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What is the capital of Tunisia?

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What is the capital of Tunisia?

French for “wasted” as in “get wasted”?

Au bar, familièrement, on dira bourré(e) : “Je ne suis jamais bourré(e)”“Je ne me bourre jamais la gueule”

Ou encore pinté(e) : “Je ne suis jamais pinté(e)”“Je ne me pinte jamais”

Moins vulgairement on dirait saoul(e) : “Je ne suis jamais saoul(e)” – “Je ne me saoule jamais”

Au bar hein! Parce que… dans d’autres contextes… get wasted a d’autres significations.

EDIT (suggéré par le commentaire ci-contre de Laurent S) :

  • Pinter, au sens général de boire est attesté dès le XIIIe siècle.
  • Il évolue vers le sens de boire beaucoup aux débuts du XVIe, spécialement en parlant d’un ivrogne.
  • Dans le même temps apparait la forme pronominale (se pinter)
  • L’adjectif pinté qui correspond à être saoul est d’invention plus récente (milieu du XXe)

Source DHLF.

Comme avec tous les mots ayant évolué au XXe siècle, il est donc parfaitement possible que certains auteurs voire les locuteurs de certaines régions de la francophonie aient conservé l’usage précédent de boire beaucoup.

D’ailleurs il est bien connu que l’on peut boire beaucoup sans nécessairement être saoul. Hein ?
Pardon! 😉

In that situation, I’d probably say something like:

Je ne prends jamais de cuite alors que Patrick… il était là, bourré, comme d’habitude.

Unlike “wasted”, « cuite » is a noun, though.

Let me try to list some synonyms for getting wasted/getting drunk :

  • Boire plus que de raison (formal,sometimes used as an euphemism depending on how drunk you were really)
  • Se saouler (less formal)
  • Prendre/se mettre une cuite (less formal)
  • Prendre/se mettre une guinze (in Belgium)
  • Prendre/se mettre une murge (very familiar, rather young. “Se mettre” implies somehow a will to do it, while “prendre” is rather used when you didn’t really plan it)
  • Prendre une biture
  • S’en mettre/prendre une belle (e.g: “Je m’en suis mis une belle samedi soir !”) Here the actual noun – was it murge, cuite, guinze or whatever) is deduced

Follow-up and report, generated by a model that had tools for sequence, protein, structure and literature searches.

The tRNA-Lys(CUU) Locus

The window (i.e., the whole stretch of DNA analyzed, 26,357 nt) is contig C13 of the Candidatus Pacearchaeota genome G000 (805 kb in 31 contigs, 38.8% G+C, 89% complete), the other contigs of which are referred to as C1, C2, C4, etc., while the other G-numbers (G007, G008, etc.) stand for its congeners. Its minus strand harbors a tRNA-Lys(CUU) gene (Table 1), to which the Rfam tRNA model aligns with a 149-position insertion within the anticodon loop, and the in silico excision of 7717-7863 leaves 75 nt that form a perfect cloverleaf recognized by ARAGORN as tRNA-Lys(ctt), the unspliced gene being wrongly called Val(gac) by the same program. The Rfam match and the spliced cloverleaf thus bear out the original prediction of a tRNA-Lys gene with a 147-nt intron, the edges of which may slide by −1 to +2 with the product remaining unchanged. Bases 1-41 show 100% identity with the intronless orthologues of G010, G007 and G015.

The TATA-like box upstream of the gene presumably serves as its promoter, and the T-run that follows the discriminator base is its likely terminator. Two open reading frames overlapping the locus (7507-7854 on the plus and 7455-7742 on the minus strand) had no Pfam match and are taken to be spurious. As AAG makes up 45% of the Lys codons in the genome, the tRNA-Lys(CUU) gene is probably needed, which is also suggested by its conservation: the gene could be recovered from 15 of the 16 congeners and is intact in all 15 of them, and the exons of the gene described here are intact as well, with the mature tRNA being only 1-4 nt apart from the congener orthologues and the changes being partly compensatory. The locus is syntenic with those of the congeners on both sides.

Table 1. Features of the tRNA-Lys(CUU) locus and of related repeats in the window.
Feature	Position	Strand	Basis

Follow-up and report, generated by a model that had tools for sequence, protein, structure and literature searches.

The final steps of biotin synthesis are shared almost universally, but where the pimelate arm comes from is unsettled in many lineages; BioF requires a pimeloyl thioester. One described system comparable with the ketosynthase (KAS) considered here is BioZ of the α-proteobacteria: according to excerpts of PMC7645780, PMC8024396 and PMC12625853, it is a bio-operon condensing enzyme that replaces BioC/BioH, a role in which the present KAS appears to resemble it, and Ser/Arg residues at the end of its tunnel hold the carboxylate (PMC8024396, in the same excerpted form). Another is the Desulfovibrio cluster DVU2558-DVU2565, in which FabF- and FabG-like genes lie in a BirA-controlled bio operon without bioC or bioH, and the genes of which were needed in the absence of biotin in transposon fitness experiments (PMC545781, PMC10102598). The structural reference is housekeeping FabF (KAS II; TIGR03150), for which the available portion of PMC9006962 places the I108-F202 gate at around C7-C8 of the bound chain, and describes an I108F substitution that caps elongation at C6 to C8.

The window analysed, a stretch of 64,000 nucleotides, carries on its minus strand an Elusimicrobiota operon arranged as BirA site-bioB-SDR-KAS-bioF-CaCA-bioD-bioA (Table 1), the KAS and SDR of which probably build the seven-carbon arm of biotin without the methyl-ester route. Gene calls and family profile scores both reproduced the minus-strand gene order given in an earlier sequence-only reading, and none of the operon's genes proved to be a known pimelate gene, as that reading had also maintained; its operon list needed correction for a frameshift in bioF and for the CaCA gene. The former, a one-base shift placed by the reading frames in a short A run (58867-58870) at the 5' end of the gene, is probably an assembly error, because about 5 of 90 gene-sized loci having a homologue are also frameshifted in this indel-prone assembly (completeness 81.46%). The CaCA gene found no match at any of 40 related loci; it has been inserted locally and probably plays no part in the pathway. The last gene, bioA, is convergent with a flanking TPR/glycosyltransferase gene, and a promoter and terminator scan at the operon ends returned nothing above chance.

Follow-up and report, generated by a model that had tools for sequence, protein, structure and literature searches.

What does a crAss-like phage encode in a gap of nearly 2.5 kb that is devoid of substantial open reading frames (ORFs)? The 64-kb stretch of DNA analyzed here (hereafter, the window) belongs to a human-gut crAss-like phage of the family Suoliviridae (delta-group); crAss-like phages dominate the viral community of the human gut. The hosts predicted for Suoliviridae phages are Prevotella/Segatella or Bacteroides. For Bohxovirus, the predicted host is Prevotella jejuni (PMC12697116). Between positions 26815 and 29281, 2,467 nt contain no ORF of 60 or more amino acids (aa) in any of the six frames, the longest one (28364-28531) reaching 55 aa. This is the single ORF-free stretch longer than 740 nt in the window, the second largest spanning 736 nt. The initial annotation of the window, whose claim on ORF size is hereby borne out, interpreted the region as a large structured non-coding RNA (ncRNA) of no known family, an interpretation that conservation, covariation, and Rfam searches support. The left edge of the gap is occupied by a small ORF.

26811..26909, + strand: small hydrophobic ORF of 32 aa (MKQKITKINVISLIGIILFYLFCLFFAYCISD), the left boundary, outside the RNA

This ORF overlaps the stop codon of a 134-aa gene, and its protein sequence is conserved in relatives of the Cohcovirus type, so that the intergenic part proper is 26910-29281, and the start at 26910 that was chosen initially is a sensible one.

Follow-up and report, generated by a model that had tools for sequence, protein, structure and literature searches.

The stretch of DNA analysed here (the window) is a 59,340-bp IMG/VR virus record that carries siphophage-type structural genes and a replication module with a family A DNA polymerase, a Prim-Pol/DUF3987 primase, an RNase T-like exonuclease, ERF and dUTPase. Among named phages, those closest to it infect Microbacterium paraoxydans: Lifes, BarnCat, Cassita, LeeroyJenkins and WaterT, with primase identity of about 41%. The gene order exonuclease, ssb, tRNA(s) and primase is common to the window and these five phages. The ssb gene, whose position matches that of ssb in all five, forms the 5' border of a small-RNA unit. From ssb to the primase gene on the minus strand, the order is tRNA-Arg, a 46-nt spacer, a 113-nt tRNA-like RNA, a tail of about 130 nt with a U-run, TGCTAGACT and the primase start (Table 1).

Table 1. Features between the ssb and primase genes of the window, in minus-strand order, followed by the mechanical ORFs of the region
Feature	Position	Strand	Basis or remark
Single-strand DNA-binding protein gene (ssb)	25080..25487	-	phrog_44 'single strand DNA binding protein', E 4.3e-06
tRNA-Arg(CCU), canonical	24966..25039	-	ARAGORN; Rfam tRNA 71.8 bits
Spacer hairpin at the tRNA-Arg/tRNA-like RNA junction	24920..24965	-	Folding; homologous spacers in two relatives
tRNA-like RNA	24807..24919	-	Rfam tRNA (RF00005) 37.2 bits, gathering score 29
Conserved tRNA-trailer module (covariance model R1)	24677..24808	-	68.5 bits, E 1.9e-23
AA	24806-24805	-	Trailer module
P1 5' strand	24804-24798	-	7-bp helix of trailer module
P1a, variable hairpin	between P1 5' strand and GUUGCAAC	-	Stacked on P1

On the “result” of getting wasted, expressing “being drunk”:

  • Être ivre,Être saoul (quite neutral, nor too formal nor too familiar) Note: While “Se Saouler” exists, there no such thing as “S’ivresser”
  • Être en état d’ébriété (rather formal/official)
  • Être bourré (informal)
  • Être beurré
  • Être torché
  • Avoir un coup dans le nez (when you drank too much but are not totally wasted)
  • Être pompette (old – there also not totally wasted. Note there’s a French canadian show named “Les recettes pompette” where host and guest drink alcohol while cooking)

And some more colourful expressions :

These are the first ones popping to my mind and this is hardly an exhaustive list. There are many expressions conveying the same meaning and new ones are yet to be created. Note that I’m almost 40 years old, there may be a whole new set of expressions used by younger people nowadays…

For the sake of it, I will also add these 2 links I found looking further for some expressions, but most of the ones that are not mentionned in this answer or other answers I almost never used/heard myself:

Link 1 &
Link 2

First of all, let’s talk about a litteral translation. Getting wasted means something like se gaspiller.

In an alcoholic context, someone getting wasted is someone drinking too much alcohol and someone wasted is someone very drunk.

I think the most common word to describe someone drunk is indeed, as pointed out by other answers, is être bourré but I feel like bourré does not convey the meaning of someone really, really drunk.

Another word I can think of, which convey a stronger meaning of drunkness, would be être torché (but may be a bit less used today).

Here’s a list :

  • Être ivre is neutral and formal way of Being drunk
  • Être saoûl is also a neutral and formal way of saying it
  • Être bourré is less formal to say Being drunk
  • Être torché is familiar and has stronger meaning
  • Être plein or Être rond are also used sometimes
  • Être défoncé is more used for other drugs but also works for alcohol

Other expressions linked to alcohol :

  • Picoler is a familiar verb meaning To drink alcohol
  • Prendre une cuite is familiar, meaning To drink alcohol until being sick
  • Se mettre minable
  • Se mettre une race / Se prendre une race
  • Boire comme un trou

To keep a familiar language, you can say:
Se la coller ou Se la mettre ou Se dechirer la gueule ou se mettre cher

EN: I never get wasted but Patrick was in his usual wasted self

FR: Je me la colle pas, mais Patrick a l’habitude de se la coller


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What is the capital of Tunisia?